A multi-epoch HST study of the herbig-haro flow from XZ Tauri

John E. Krist, Karl R. Stapelfeldt, J. Jeff Hester, Kevin Healy, Steven J. Dwyer, Carl Gardner

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43 Scopus citations


We present nine epochs of Hubble Space Telescope optical imaging of the bipolar outflow from the pre-main-sequence binary XZ Tauri. Our data monitor the system from 1995 to 2005 and include emission line images of the flow. The northern lobe appears to be a succession of bubbles, the outermost of which expanded ballistically from 1995 to 1999 but in 2000 began to deform and decelerate along its forward edge. It reached an extent of 6″ from the binary in 2005. A larger and fainter southern counterbubble was detected for the first time in deep Advanced Camera for Surveys images from 2004. Traces of shocked emission are seen as far as 20″ south of the binary. The bubble emission nebulosity has a low excitation overall, as traced by the [S II]/Hα line ratio, requiring a nearly comoving surrounding medium that has been accelerated by previous ejections or stellar winds. Within the broad bubbles there are compact emission knots whose alignments and proper motions indicate that collimated jets are ejected from each binary component. The jet from the southern component, XZ Tau A, is aligned with the outflow axis of the bubbles and has tangential knot velocities of 70-200 km s-1. Knots in the northern flow are seen to slow and brighten as they approach the forward edge of the outermost bubble. The knots in the jet from the other star, XZ Tau B, have lower velocities of 100 km s-1. To explain the observations of the outer bubble, we propose that the XZ Tau A stellar jet underwent a large velocity pulse circa 1980. This ejection quickly overtook older, slower-moving ejecta very near the star, producing a 70 km s-1 shock in a hot (T 80, 000 K), compact "fireball." The initial thermal pressure of this gas parcel drove the expansion of a spherical bubble. Subsequent cooling caused the bubble to transition to ballistic expansion, followed by slowing of its forward edge by mass loading from the pre-shock medium. Repeated pulses may explain the multiple bubbles seen in the data. Collimated jets continue to flow through the bubble's interior, and with the fading of the original fireball they are becoming the primary energizing mechanism for the emission line structures. Future evolution of the flow should see the outer bubble structures fade from view, and the emergence of a more typical Herbig-Haro jet/bow shock morphology. We present a preliminary numerical model of a pulsed jet to illustrate this scenario.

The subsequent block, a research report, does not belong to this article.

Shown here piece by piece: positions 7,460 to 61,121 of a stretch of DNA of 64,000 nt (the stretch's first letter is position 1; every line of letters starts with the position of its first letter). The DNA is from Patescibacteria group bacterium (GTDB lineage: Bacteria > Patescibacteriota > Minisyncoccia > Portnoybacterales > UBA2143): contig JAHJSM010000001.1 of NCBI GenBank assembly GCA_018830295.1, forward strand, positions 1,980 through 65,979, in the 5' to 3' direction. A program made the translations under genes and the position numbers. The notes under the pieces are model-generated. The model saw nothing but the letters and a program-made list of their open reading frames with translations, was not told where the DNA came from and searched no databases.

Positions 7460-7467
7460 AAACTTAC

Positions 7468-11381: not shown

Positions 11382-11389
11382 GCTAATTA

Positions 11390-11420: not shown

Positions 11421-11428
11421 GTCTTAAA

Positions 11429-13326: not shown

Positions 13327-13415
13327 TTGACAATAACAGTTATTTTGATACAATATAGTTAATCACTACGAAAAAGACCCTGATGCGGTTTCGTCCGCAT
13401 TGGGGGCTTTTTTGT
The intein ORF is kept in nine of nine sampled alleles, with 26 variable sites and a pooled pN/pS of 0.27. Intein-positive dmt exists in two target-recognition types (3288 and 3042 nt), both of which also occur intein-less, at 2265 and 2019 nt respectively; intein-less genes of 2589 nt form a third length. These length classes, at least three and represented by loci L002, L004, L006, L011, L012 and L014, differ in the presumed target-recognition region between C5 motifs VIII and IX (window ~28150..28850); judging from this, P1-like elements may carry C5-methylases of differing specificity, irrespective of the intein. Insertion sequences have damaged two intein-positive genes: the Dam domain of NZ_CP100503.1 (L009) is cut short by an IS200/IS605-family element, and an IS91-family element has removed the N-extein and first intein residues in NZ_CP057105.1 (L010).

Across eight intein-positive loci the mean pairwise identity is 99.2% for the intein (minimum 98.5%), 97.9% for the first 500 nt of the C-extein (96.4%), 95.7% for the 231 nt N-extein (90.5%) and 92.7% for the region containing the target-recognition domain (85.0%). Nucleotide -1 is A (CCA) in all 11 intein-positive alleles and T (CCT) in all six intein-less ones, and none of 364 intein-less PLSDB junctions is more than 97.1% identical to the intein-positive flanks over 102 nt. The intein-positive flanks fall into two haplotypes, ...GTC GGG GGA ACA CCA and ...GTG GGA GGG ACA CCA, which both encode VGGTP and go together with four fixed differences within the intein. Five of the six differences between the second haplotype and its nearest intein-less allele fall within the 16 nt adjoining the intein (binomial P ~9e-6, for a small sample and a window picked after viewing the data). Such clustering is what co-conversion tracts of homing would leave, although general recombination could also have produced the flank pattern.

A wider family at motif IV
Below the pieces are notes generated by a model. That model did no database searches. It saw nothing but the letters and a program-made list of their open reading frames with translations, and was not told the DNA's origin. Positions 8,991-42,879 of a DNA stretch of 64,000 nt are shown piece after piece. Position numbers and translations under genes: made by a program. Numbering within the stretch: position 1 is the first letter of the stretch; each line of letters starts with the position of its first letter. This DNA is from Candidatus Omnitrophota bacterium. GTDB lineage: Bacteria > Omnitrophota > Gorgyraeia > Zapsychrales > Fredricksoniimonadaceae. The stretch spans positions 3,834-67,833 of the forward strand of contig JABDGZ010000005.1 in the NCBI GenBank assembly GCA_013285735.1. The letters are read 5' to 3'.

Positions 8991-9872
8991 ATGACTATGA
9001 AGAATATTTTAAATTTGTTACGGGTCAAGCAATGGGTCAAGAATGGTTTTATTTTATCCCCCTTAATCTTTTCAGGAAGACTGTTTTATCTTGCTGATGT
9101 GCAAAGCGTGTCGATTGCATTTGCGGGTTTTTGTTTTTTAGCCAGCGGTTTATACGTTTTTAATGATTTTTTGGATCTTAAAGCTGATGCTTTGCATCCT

Original languageEnglish (US)
Pages (from-to)1980-1994
Number of pages15
JournalAstronomical Journal
Issue number5
StatePublished - Nov 1 2008


  • Binaries: general
  • ISM: Herbig-Haro objects
  • Stars: individual (XZ Tau)
  • Stars: pre-main sequence Online-only material: animations, color figure

ASJC Scopus subject areas

  • Astronomy and Astrophysics
  • Space and Planetary Science


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